• bgal4


    do you dispute the information reported by two police agencies to the press;

    OPD reported that Jamison was involved in the gun fight that killed him, BPD reported Jamison was involved in shooting at other youths on Woolsey two day before XMAS 2011.

    I hear your pain.

  • Onelove

    Though you are entitled to your own opinion I do not believe my anger is displaced. as for me being in pain most definitely. Do you realize how many families of oakland, berkeley and surronding cities are in pain due to losing loved ones to gun violence. With all do respect have you ever lost a loved one to violence ? specifically gun violence.( I hope not) The feeling of loving someone wanting to protect them wishing their was something you could have done is one I have not come to terms with. Since my anger is displaced I ask you who should be at fault? The people that are distributing these guns to young kids? the parents because people assume they’ve obviously dropped the ball somewhere and if their child is leading anything other than a “perfect” life than they must be at fault…right? the police department because people die, kids die while their killers run free, or would you prefer we blame the deceased who was trying to protect himself the only way he knew how. Was he perfect? No. Are you? No. the difference? you are alive to learn from your mistakes. Tyler is not. Their has been no justice and since his death are you aware of how many other children have died? My heart goes out to all of their families and I would like to thank all of the people who have been supportive through this difficult time. Bgal4 this is not a dispute believe what what you want. We dont need your sympathy but please be more proactive in taking action to stop things like this from happening to some other kids since you care so much.thank you.

  • bgal4

    I never offered sympathy.

    Yes I know several homicide victims, kids we grew up with, and a father of a middle school playmate. I was present in the Oakland court room when a 19 year old murderer was told to look back at the child left fatherless sitting next to my 12 year old son.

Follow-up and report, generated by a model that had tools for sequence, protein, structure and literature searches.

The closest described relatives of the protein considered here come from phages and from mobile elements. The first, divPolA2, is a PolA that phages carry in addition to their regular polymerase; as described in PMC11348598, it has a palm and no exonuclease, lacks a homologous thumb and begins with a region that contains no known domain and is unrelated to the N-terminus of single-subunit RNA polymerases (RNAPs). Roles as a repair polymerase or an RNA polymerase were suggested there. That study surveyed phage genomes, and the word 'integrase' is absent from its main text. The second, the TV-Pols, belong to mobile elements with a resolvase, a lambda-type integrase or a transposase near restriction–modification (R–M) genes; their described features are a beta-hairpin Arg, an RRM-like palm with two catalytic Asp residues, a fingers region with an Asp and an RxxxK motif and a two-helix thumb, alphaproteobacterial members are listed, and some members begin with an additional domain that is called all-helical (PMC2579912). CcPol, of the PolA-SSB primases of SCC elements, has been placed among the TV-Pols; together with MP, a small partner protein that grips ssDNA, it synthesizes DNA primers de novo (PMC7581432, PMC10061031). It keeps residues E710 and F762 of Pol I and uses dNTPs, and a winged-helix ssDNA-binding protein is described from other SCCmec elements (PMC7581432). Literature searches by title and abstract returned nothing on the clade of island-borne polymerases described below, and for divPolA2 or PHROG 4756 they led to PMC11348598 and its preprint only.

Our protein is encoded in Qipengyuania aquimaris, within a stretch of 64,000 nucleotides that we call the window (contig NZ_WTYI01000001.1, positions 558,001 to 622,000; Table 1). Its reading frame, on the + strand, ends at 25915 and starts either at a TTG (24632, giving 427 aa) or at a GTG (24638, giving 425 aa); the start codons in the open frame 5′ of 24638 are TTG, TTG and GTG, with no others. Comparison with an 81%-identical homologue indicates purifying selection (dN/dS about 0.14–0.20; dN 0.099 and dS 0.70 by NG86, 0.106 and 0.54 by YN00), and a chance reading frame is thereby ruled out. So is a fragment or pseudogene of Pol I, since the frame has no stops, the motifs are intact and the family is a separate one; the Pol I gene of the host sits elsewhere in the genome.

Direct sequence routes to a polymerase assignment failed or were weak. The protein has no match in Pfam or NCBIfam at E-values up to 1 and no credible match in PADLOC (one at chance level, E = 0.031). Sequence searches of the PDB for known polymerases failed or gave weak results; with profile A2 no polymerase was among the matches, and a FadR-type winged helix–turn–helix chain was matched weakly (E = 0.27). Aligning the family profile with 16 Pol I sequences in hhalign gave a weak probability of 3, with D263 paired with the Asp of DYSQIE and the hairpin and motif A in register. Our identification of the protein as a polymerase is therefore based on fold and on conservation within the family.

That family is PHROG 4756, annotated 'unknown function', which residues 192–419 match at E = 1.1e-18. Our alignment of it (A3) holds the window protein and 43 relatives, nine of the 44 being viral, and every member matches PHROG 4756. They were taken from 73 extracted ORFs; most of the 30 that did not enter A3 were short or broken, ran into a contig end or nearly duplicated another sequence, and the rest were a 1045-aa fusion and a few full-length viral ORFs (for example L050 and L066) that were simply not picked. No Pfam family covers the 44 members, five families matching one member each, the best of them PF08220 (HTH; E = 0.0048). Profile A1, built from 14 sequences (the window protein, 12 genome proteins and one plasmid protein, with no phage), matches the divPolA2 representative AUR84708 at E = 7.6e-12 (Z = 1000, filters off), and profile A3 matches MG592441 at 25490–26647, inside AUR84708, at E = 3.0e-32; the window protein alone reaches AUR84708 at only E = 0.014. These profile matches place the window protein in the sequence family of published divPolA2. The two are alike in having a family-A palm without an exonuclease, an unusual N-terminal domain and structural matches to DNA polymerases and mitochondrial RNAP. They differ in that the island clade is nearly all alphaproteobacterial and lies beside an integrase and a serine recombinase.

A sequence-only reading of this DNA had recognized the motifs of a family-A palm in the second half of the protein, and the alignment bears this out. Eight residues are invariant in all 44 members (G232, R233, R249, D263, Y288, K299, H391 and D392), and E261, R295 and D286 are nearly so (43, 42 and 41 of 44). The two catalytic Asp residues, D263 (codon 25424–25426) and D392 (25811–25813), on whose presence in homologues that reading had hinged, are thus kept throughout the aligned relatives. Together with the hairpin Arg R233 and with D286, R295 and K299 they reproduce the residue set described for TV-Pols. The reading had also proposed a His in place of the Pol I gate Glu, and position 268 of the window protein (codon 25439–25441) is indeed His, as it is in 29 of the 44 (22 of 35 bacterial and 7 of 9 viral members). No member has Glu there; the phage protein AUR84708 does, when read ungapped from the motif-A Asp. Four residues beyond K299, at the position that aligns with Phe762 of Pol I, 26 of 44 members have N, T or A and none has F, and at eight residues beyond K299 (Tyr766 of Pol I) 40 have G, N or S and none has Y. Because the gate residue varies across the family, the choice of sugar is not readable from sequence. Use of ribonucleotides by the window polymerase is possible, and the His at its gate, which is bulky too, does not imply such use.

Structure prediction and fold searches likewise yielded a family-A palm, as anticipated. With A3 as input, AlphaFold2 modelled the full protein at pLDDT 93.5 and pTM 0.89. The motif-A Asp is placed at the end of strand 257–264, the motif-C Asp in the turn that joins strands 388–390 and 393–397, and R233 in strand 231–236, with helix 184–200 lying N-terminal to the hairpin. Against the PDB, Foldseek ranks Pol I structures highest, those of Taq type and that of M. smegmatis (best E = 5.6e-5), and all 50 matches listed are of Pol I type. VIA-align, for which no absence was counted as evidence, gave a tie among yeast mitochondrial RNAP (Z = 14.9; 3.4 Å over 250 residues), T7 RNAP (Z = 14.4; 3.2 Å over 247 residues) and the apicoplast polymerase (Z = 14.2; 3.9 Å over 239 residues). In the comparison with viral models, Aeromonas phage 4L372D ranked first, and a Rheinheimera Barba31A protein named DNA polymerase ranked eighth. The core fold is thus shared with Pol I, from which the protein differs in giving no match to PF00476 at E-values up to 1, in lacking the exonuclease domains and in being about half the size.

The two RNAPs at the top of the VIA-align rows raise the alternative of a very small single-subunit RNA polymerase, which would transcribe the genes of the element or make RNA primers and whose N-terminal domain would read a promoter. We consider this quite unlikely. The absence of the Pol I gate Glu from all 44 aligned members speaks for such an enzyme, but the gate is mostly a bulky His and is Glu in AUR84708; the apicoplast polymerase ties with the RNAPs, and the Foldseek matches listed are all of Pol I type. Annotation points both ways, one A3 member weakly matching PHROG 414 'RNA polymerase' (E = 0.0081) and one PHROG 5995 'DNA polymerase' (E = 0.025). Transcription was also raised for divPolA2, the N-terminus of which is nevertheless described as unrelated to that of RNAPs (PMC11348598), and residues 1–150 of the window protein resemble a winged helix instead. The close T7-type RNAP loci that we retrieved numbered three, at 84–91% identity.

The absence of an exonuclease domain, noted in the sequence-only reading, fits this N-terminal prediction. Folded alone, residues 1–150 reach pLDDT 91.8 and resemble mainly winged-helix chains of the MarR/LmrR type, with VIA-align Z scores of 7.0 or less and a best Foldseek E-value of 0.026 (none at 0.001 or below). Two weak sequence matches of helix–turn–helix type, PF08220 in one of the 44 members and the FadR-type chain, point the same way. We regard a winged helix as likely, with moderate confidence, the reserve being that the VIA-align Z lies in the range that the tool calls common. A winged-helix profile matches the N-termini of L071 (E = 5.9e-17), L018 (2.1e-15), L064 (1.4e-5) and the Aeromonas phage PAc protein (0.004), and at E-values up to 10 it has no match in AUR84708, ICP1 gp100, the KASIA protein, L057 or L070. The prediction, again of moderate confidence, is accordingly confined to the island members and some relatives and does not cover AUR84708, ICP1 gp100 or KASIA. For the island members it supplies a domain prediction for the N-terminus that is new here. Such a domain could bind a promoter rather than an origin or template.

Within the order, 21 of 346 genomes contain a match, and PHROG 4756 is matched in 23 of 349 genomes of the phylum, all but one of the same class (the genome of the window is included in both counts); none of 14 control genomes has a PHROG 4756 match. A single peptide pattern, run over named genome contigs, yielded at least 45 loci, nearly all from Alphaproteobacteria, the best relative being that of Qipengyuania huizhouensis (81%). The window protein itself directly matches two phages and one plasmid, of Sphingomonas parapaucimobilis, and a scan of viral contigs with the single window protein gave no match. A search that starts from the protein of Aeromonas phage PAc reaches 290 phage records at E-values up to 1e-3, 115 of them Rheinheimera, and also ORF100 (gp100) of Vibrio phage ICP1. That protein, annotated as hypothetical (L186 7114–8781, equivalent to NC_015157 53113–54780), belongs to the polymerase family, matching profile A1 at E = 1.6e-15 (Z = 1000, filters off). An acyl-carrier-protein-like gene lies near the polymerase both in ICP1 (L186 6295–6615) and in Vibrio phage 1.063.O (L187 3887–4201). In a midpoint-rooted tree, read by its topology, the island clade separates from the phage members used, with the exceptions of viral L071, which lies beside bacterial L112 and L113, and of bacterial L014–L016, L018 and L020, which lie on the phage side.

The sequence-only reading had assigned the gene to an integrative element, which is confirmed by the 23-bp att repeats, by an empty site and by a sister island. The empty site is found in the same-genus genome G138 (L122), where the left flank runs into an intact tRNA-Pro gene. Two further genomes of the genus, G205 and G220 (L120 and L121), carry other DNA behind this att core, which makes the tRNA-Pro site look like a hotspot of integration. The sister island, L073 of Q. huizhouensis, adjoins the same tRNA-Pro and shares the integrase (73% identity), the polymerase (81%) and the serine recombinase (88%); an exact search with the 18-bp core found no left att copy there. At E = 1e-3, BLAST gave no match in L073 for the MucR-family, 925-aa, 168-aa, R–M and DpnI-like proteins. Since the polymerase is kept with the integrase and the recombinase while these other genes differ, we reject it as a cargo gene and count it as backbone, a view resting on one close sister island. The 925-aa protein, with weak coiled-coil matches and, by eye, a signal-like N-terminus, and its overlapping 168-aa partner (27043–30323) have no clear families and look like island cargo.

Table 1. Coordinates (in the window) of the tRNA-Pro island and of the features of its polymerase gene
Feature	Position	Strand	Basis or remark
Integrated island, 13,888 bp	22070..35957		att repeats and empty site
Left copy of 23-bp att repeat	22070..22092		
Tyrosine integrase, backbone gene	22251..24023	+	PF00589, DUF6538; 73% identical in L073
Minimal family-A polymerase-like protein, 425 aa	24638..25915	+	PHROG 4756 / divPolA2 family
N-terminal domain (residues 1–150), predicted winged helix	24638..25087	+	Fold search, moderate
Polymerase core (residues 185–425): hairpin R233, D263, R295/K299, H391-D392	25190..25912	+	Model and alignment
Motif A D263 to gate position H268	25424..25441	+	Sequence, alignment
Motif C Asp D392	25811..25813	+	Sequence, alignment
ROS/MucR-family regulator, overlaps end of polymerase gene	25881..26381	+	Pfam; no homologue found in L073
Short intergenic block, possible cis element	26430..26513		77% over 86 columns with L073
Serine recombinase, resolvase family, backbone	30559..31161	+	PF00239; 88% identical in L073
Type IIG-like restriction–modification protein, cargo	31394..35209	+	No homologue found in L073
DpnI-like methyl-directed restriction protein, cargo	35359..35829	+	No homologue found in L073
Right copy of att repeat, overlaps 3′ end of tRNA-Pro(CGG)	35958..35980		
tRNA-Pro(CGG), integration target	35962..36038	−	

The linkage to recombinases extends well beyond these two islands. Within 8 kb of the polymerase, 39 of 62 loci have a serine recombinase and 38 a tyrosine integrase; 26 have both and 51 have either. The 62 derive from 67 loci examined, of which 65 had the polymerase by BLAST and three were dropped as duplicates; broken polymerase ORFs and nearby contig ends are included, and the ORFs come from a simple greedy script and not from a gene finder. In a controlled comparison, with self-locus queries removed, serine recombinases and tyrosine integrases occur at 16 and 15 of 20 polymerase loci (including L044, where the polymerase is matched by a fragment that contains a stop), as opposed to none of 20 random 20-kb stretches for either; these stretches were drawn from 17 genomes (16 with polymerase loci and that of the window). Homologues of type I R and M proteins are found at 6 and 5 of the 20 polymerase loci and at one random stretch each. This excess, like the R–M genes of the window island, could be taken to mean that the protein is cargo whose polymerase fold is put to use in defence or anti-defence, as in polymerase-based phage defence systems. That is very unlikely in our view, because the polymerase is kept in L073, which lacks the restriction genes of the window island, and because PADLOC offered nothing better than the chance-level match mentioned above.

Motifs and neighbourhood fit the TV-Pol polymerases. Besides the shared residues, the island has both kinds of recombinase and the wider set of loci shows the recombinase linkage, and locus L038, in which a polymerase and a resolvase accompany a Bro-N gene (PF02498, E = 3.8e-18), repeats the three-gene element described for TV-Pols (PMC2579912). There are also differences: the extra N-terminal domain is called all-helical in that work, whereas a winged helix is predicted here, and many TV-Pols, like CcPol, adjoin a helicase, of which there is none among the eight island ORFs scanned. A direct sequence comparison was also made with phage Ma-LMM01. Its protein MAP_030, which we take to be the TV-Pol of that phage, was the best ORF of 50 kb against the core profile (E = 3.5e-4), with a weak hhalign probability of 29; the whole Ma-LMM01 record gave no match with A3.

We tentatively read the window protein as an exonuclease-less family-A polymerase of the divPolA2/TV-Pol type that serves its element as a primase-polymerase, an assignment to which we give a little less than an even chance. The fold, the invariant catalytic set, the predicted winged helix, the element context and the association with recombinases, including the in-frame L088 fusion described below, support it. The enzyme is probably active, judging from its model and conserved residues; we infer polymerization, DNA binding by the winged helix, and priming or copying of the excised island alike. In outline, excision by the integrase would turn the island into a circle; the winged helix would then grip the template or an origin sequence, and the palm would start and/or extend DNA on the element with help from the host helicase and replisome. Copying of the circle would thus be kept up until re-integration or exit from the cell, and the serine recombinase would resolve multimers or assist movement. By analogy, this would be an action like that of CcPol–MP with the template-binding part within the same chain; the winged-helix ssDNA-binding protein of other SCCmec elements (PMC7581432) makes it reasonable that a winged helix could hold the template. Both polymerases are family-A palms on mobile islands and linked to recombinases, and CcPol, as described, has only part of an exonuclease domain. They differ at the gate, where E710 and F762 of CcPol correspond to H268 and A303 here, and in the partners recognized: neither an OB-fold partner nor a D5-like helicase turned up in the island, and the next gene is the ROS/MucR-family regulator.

I am not an easy target of your misplaced anger for your family’s tragedy.
    We all have tragedies to cope with, the question is one of personal responsibly. Was Tyler a part of problem or a part of solution?
    You did not answer the question, you avoided the truth and tried to attack my character instead. My family has a long history of being a part of the solution.

    No one has the right to take out their hostility on others, including angry young men who have access to guns, knifes, hammer and fists. Those actions are criminal. Every one must learn to deal with emotions including anger.

    To answer you question ” am I perfect” , irrelevant, what I can say positively, I do not commit violent acts PERIOD, neither do my sons.

  • Onelove

    Your original question was ” do you dispute the information reported by two police agencies to the press? ” my answer is yes. I believe the media picks and chooses what they want to share. Is it the truth yes but only partially.I did not ask you if you knew anyone who died from gun violence I simply asked if you had ever lost a loved one due to gun violence and that you never answered. I was not wanting your sympathy or trying to insult your character. I was just stating a fact that you did not know Tyler to have such an opinion and that if you cared so much about our youth then what help stop violence in your community or surrounding communities. You mentioned having sons can you imagine how it might feel to suddenly loose one of them to an unjust crime? Without any reason as to why? And wishing their was something you could do? Or could have done. Sure my family is pissed but it isn’t at you if that’s what you were implying it is merely at the people who have done this that have not been caught and are still free to harm someone else’s children. And just because you don’t commit violent acts doesn’t ment they aren’t happening around you. I believe to be apart of the solution it helps to understand the problem wether losing a loved one to violence or being involved in it yourself. If you have no sympathy how can you possibly be apart of the solution. And since you didn’t know Tyler ill let you know that he was apart of the solution. Through me and everyone else effected by his death.